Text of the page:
Mayor Returns $45,000 in Questionable Contributions
Los Angeles Mayor Antonio Villaraigosa, who returned thousands of dollars in questionable contributions from Florida donors during the mayoral campaign, has sent back 75 other donations totaling about $45,000.
The returned money included contributions from the same sources that exceeded the legal limit, checks on which donors failed to provide the required identifying information, and thousands of dollars in corporate donations that went over the city’s limit of $900,000 in contributions that do not come from individuals, said Stephen Kaufman, the mayor’s campaign attorney.
These contributions -- all returned in the last three months -- are in addition to $47,000 that Villaraigosa returned in April to employees of two Florida gift-shop companies and their relatives. News reports revealed that some employees could not explain their donations and that one of the companies was considering whether to seek a concessions contract at Los Angeles International Airport.
The day after Villaraigosa announced he would return the checks, the Los Angeles County district attorney’s office began an inquiry into whether some of the contributions were laundered. That probe is still pending, along with a review by the Los Angeles Ethics Commission, officials said Wednesday.
The latest returned contributions, nearly one-fifth of which came from out of state, include some that violate city rules that bar related companies from donating more than $1,000.
They include $3,000 from three related companies in Buffalo, N.Y., including CA One Services, which operates a restaurant at LAX. Villaraigosa also returned $2,000 from two related waste-hauling companies in Pico Rivera.
His campaign also returned $1,000 from the wife of a former executive of Fleishman-Hillard, the public relations firm that recently agreed to pay the city $5.7 million to settle a lawsuit alleging that it overbilled the city.
The Ethics Commission has fined city candidates dozens of times over the years for accepting multiple contributions that exceed $1,000 from related companies, which campaign finance laws view as a single contributor.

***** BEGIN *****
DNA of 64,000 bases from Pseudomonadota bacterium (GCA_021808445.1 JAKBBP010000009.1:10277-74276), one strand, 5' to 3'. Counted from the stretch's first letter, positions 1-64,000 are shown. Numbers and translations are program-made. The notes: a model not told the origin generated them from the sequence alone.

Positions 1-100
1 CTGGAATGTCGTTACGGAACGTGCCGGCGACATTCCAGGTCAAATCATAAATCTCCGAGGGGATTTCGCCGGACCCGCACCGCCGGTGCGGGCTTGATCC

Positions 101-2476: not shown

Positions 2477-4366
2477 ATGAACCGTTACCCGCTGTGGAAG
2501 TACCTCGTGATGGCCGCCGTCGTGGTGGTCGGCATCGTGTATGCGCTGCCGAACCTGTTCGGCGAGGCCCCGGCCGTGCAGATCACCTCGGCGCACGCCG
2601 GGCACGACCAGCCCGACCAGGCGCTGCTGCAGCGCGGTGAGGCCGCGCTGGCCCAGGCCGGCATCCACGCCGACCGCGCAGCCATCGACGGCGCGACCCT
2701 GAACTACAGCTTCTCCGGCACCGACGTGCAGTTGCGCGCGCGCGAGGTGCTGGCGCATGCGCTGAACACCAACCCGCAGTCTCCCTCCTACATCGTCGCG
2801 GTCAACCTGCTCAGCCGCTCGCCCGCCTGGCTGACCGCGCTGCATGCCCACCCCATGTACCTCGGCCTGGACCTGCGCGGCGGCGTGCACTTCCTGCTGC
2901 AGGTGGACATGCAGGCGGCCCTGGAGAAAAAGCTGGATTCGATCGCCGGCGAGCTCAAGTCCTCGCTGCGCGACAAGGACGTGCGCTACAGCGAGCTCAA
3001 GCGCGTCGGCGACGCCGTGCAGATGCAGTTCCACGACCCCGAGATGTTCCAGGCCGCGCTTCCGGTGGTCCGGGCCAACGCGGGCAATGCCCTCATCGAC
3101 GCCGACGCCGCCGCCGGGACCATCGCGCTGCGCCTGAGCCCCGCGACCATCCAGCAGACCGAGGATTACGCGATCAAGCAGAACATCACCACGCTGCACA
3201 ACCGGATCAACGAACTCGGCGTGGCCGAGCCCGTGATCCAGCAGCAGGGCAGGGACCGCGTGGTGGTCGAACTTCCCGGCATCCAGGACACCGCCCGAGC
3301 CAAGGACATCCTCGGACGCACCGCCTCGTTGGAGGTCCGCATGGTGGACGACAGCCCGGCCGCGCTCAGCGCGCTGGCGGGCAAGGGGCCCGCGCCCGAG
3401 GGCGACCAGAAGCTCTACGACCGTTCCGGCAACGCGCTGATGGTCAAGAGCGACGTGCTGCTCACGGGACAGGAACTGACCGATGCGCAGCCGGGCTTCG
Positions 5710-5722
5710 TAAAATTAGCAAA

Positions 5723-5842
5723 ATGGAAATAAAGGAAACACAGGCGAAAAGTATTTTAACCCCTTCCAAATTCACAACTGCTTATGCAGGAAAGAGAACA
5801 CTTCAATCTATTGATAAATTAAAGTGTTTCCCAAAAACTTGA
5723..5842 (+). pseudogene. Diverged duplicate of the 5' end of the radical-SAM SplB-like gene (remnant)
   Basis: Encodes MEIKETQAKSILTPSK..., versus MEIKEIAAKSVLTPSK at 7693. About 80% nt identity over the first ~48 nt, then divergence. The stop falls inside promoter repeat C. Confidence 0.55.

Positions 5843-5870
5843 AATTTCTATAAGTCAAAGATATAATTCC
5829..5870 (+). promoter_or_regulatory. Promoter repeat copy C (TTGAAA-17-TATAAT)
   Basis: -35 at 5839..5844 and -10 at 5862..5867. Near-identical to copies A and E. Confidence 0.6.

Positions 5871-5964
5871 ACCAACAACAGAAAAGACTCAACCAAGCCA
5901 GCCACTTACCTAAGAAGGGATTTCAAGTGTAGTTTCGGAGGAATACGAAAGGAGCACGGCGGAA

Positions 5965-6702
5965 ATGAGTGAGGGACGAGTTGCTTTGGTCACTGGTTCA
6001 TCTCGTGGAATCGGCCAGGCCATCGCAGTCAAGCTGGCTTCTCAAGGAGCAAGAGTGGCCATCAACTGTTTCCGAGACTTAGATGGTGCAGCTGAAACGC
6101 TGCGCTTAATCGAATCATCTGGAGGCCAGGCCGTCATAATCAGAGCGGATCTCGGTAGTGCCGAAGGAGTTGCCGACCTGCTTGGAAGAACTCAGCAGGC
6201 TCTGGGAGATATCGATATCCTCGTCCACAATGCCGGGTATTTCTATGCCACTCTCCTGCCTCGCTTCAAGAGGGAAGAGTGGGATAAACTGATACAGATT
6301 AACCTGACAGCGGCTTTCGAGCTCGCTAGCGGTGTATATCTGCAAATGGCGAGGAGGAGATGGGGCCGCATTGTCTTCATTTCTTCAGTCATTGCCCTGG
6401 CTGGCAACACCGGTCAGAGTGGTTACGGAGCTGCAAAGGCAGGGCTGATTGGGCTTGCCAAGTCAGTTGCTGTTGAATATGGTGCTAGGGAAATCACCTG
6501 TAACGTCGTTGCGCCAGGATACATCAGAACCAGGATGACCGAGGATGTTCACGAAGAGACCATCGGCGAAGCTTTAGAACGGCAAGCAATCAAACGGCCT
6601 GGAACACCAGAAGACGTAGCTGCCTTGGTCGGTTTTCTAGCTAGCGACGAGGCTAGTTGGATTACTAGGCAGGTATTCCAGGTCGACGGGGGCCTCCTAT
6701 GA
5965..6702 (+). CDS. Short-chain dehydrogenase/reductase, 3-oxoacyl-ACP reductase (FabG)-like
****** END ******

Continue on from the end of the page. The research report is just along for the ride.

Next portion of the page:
“We are paying tremendous attention to these issues and catching whatever is humanly possible when contributions do not comply with the law,” Kaufman said.
Sometimes, the violations are easy to spot, such as when multiple checks come from different companies with the same address and are signed by the same person.
In other cases, however, it is unclear whether contributors are related.
In some cases, Villaraigosa chose to return checks when his campaign staff could not verify they were in compliance with the law.
Out-of-state contributors say it is difficult to keep up with what’s legal in some jurisdictions but not in others.
“Although our legal folks try to keep up on the different laws, sometimes things fall through the cracks,” said Wendy Watkins, a spokeswoman for Delaware North Cos. and its subsidiary firms, Sportservice and CA One Services.
The three business entities gave $1,000 each to Villaraigosa on May 10, only to see the mayor return the money.
CA One Services has food and beverage concession contracts at LAX, including the Encounter Restaurant, and Ontario International Airport that run until May 20.
In 2004, the firm’s LAX concessions had gross sales of $16.3 million.
The business also contributed $1,000 in 2001 to former Mayor James K. Hahn.
“It’s part of our history of being active in the communities we are in,” Watkins said.
Several corporate checks, including one from the Greater Los Angeles Auto Show, were returned by Villaraigosa because his campaign exceeded the $900,000 limit on contributions that are not from individuals, Kaufman said.
By catching potential violations and returning contributions, candidates can avoid being cited for breaking the law, which can result in fines of up to $5,000 per violation.
The Ethics Commission has been aggressive in the last few years fining candidates for excess contribution violations, which Executive Director LeeAnn Pelham said is leading to more active efforts by candidates to avoid violations.
“It’s not surprising to see many contributions returned,” Pelham said. “We are seeing an uptick in people doing due diligence in checking contributions.”